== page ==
All former communist countries share 45 years of a strong central institutional system which managed the economy as well as most other aspects of life. Today, what was once the regional imperative of “collectivization” has been replaced with the similarly urgent push for “privatization.” From large hopeless smokestack industries to medium-sized agricultural concerns to small store, front businesses, the key to prosperity, the binding force for the transition to a democratic pluralistic society, is seen to be economic reform. Removing assets previously held by the state and placing them into private hands may sound simple enough, but as Mihaly Laki, an economist with the Economic Institute and an advisor to the opposition party the Free Democrats, points out, “Me situation of privatization is terribly confused and there is no clear answer that demonstrates if the program is succeeding or failing. “The real story of privatization is that no one is sure. of what to do or what will come next.”

Each country copes with its own overlays of complications. The split of what was once the Czech and Slovak Republic has thrown its many faceted economy into uncertainty. Heavy emphasis on privatization is expected to shift as the programs and plans of Slovakia’s leader, the more left-leaning Vladimir Meciar, clash with those of the new Czech leader and former economic reform guru Vaclav Klaus. Though Poland may have been the leader in economic shock therapy, the unrelenting series of political crises have impeded progress. Romania, Bulgaria and Russia-not to mention the other former Soviet Republics- have made still less progress in the transformation of ownership.

Since 1989 a central paradox of freedom has emerged: while democracy can be declared in a day, a republic announced in a minute, free elections held over a weekend, the transition to a market economy, and the psychological transition to independence from the state takes very much longer.

Hungary’s transition differs from that of its COMECON neighbors because the former communist government bad set up the structure for a market economy. Hungary began limited economic reform efforts in 1968 with the New Economic Mechanism. Although stalled as a result of the crisis in Czechoslovakia, the NEM nonetheless established a curious economic hybrid that became known as “goulash communism” or “market socialism.” Its goal was to introduce market or quasi market mechanisms while continuing to retain the dominance of state ownership, The NEM created a second economy in which nearly everyone held a second private sector job. It was the predecessor for more radical economic reforms spearheaded by the last Communist government in 1988. Throughout the Eighties, many Hungarians enjoyed the mixed benefits of being Eastern Europe’s most vital consumer society. New VCRs, home computers, western television sets and stereo systems, and small summer houses were the benefits of living in the late communist period. And yet, not only did the life expectancy for a Hungarian man drop by five years but, as President Arpad Goncz said immediately before taking office in 1990, “The major difficulty of the transition in Hungary is that. here people have a lot to lose.” Hungary was no Poland or Romania plagued by shortages of basic food items. Hungary was prosperous; Hungarians travelled. Hungary was the “most comfortable barracks on the Bloc.”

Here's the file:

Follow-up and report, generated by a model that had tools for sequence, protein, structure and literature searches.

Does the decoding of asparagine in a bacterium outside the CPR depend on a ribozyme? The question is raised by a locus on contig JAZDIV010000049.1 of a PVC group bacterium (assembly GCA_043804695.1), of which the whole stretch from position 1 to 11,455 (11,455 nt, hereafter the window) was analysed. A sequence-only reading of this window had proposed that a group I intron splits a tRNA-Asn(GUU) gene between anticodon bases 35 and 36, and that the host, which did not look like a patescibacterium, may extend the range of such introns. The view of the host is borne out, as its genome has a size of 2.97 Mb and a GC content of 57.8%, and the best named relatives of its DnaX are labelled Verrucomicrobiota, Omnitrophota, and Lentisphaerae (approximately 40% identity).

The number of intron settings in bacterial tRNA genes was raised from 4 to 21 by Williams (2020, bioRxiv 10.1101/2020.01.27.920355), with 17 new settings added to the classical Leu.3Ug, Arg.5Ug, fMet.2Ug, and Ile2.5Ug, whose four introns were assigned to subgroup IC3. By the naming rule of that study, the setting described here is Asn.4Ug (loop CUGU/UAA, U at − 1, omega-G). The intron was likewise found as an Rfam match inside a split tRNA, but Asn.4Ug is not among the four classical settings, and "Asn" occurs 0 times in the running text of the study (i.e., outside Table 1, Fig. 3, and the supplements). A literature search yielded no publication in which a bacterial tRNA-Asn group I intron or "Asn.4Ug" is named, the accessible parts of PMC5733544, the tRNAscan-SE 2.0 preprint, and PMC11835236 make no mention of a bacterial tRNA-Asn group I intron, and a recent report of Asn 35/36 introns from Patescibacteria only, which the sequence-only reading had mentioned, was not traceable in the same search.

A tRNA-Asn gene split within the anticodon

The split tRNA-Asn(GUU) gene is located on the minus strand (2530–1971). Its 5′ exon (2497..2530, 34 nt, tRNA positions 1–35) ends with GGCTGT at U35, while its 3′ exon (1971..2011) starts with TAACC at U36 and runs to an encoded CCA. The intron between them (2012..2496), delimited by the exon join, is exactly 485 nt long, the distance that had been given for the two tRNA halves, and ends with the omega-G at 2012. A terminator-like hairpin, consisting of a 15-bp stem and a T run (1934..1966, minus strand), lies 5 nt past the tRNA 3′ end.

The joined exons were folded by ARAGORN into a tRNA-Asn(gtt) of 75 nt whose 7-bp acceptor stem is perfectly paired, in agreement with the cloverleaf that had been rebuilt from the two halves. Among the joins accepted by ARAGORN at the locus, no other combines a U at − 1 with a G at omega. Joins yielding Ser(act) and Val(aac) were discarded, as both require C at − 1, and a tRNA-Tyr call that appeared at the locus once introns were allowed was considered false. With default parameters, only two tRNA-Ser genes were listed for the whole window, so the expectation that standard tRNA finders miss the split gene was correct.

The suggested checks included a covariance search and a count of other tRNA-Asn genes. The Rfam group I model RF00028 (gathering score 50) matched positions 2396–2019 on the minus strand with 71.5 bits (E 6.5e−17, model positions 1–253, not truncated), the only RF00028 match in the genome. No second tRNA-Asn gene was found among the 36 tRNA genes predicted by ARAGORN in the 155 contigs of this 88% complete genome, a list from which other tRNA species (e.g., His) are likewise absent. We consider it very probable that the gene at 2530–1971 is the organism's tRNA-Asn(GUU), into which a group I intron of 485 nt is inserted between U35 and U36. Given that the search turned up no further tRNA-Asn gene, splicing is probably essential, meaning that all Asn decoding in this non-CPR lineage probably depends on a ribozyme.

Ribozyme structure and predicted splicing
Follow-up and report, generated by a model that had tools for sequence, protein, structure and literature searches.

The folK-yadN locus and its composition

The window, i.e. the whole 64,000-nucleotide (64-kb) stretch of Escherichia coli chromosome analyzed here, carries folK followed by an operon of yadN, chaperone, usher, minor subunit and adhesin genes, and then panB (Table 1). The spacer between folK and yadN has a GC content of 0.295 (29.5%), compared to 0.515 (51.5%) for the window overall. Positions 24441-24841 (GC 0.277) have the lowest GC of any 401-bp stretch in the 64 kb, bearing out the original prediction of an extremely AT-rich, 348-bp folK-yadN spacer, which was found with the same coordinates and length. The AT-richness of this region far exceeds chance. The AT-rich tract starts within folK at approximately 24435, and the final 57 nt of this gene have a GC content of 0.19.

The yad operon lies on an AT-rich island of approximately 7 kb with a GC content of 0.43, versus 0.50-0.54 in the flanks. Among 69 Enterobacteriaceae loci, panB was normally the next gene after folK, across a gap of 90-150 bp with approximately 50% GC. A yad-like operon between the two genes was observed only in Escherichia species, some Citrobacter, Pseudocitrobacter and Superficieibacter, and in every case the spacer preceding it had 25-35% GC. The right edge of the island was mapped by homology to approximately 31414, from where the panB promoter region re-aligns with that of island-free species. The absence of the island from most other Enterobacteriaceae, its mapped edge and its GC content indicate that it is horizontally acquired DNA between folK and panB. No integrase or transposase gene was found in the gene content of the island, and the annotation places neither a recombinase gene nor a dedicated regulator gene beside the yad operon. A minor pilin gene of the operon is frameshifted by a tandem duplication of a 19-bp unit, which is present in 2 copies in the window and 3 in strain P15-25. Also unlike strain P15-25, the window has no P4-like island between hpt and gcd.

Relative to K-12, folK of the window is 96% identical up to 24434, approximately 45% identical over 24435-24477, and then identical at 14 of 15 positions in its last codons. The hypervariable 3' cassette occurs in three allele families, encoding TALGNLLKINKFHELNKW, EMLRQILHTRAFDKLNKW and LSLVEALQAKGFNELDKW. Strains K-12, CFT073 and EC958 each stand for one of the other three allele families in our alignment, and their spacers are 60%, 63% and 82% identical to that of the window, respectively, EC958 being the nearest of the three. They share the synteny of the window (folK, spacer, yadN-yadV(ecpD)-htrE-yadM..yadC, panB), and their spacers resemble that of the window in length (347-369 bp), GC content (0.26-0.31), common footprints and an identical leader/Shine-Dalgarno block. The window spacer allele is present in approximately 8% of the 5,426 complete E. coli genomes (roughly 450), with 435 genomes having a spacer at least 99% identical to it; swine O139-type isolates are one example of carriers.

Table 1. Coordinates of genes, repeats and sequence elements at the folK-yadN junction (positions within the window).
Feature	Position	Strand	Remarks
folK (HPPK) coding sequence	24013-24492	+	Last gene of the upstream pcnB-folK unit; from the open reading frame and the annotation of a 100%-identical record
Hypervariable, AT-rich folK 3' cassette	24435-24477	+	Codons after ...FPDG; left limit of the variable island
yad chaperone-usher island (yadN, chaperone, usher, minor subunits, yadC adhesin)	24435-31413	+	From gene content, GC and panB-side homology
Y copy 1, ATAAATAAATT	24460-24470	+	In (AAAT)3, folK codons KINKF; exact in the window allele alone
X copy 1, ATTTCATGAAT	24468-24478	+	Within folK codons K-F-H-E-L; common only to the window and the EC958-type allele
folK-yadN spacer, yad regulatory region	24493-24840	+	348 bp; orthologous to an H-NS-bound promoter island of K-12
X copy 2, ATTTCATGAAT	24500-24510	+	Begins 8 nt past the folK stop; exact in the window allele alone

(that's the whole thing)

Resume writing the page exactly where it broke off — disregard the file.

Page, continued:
Today, Hungary has absorbed nearly half of the West’s investments in the East. In a region of massive political and social instability, 10.5 million Hungarians in Hungary enjoy relative calm. But 40% of the households live near poverty and in a recent survey the normally pessimistic Hungarians reached a new low in morale. Sixty percent said that Hungary is in a worse position now than before the elections of 1990. Industrial production has declined by 20% and personal consumption by 10% in less than two years. The homeless population in Budapest has reached 50,000. Most are men from the countryside who worked at a factories, lived in factory dormitories, were laid off and lost their home. Newspapers are full of stories about women unable to feed their children and pensioners only able to afford meat once a month; not surprising given that over the last five years the value of their pensions fell by 50%. Unemployment, which was a mere 2% at the beginning of 1991, is now at 10% and rising.

What happened? Put simply: bad timing.

No one could have predicted the difficulties of the transition, because no one could have predicted the totally transformed international political landscape. “In 1988 and 1989 when all of this began,” said economist Mihaly Laki, “we. were much more optimistic. We assumed that Poland and Hungary would have special status in the West and receive both financial and technical assistance. And no one dreamed that the Soviet Union would completely collapse. Now Hungary is only one of 20 or 30 post communist countries asking for help. But we are a small country and not so important to the West. Plus, there is an international recession and our greatest market collapsed with the Soviet Union.”